Grand opening of its newly-expanded facility in Mississauga
Nov. 27, 2018
Global Korean Post
Ontario’s Government for the People is taking another step toward ending hallway health care for families and patients in Peel Region.
Premier Doug Ford, accompanied by Christine Elliott, Deputy Premier and Minister of Health and Long-Term Care, as well as Monte McNaughton, Minister of Infrastructure, were at Trillium Health Partners’ Credit Valley Hospital, to celebrate the completion and grand opening of its newly-expanded facility.
“We promised the people of Ontario we would end hallway health care,” said Ford. “Today, we are delivering on that promise, and taking another important step toward making sure that everyone in Ontario has access to the high-quality care they expect and deserve.”
The redevelopment at Credit Valley Hospital has created:
- An expanded emergency department that is now more than double its former size
- A renovated and expanded surgical and perioperative department, which includes two new operating rooms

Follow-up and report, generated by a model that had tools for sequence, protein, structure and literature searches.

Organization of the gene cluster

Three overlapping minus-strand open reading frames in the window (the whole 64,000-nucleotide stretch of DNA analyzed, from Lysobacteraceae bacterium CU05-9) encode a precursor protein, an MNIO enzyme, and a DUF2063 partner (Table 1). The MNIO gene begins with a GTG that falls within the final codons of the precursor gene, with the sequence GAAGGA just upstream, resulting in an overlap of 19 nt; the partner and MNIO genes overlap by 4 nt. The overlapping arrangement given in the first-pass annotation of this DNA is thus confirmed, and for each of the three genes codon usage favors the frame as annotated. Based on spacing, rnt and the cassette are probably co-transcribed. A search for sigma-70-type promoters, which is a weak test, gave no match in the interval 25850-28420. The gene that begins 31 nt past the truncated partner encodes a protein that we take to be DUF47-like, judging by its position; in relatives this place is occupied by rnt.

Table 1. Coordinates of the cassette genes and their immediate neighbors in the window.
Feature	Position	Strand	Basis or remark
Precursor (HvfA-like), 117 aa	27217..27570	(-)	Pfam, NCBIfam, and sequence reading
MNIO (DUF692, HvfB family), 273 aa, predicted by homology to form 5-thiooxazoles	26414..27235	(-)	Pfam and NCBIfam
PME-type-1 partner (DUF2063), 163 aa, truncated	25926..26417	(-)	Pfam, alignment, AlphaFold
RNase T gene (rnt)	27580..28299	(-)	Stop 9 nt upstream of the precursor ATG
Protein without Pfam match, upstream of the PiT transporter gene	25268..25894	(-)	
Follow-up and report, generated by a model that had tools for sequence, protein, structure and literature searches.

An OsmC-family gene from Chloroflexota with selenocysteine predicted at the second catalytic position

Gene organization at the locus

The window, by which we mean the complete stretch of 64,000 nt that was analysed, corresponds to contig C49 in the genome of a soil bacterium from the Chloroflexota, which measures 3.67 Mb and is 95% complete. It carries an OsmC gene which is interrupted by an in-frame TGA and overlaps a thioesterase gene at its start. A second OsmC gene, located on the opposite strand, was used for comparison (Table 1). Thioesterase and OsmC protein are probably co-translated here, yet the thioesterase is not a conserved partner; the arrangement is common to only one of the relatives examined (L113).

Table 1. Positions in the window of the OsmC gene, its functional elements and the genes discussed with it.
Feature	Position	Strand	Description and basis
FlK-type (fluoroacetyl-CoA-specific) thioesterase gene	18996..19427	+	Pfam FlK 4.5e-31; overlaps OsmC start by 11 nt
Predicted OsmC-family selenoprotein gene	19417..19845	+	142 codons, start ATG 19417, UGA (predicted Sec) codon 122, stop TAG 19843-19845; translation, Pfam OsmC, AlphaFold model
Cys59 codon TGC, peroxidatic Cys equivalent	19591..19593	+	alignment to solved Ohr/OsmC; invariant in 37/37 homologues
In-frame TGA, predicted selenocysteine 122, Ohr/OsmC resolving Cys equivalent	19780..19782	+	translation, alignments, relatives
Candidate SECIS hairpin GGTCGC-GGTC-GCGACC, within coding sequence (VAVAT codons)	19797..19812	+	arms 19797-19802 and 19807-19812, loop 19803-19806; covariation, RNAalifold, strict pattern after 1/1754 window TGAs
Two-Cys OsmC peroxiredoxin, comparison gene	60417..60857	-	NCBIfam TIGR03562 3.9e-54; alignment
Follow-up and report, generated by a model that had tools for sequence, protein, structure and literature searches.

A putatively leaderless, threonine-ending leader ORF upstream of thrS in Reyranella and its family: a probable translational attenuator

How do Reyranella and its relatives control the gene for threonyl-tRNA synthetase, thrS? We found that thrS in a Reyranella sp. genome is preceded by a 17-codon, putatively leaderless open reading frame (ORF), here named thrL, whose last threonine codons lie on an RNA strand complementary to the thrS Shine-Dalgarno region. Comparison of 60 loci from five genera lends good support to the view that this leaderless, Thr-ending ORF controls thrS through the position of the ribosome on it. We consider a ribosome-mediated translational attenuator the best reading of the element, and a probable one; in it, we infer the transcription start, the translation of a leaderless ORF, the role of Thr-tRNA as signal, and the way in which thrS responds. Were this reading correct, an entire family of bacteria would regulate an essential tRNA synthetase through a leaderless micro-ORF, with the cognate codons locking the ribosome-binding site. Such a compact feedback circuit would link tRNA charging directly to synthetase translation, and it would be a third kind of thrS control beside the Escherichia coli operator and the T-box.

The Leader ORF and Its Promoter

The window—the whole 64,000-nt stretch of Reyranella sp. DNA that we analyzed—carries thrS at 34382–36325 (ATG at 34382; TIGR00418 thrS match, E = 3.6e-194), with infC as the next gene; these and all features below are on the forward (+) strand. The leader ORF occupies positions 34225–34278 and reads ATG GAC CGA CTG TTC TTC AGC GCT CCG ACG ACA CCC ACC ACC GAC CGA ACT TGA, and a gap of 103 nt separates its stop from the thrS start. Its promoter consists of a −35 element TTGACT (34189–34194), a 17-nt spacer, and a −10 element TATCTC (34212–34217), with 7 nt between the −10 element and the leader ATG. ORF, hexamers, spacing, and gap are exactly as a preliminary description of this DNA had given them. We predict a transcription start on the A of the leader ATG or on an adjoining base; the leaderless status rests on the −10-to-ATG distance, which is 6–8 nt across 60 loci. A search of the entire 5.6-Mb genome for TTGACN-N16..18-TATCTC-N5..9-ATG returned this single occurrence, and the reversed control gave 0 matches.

- An expanded critical care unit that is more than double its former size, with five new beds
- A renovated and expanded diagnostic imaging department with new, state-of-the-art equipment
- A new six-bay ambulance garage.
“Redevelopment of the Credit Valley Hospital means patients and families in Mississauga will have faster access to essential services such as acute emergency care, diagnostic imaging and critical care,” said Elliott. “Projects like these create more capacity in our hospitals, bringing us one step closer to ending hallway health care, and creating a sustainable health care system.”
The Credit Valley Hospital Phase 3 Priority Areas Redevelopment Project includes renovations to approximately 187,000 sq. feet of existing hospital space.
Ontario is investing an additional $90 million in 2018-19 to build 1,100 beds and spaces in hospitals and the community, including more than 640 new beds and spaces to prepare for the flu season.
Ontario is investing more than $300 million to support the addition of 6,000 new long-term care beds — the first wave of more than 15,000 new long-term care beds over the next five years.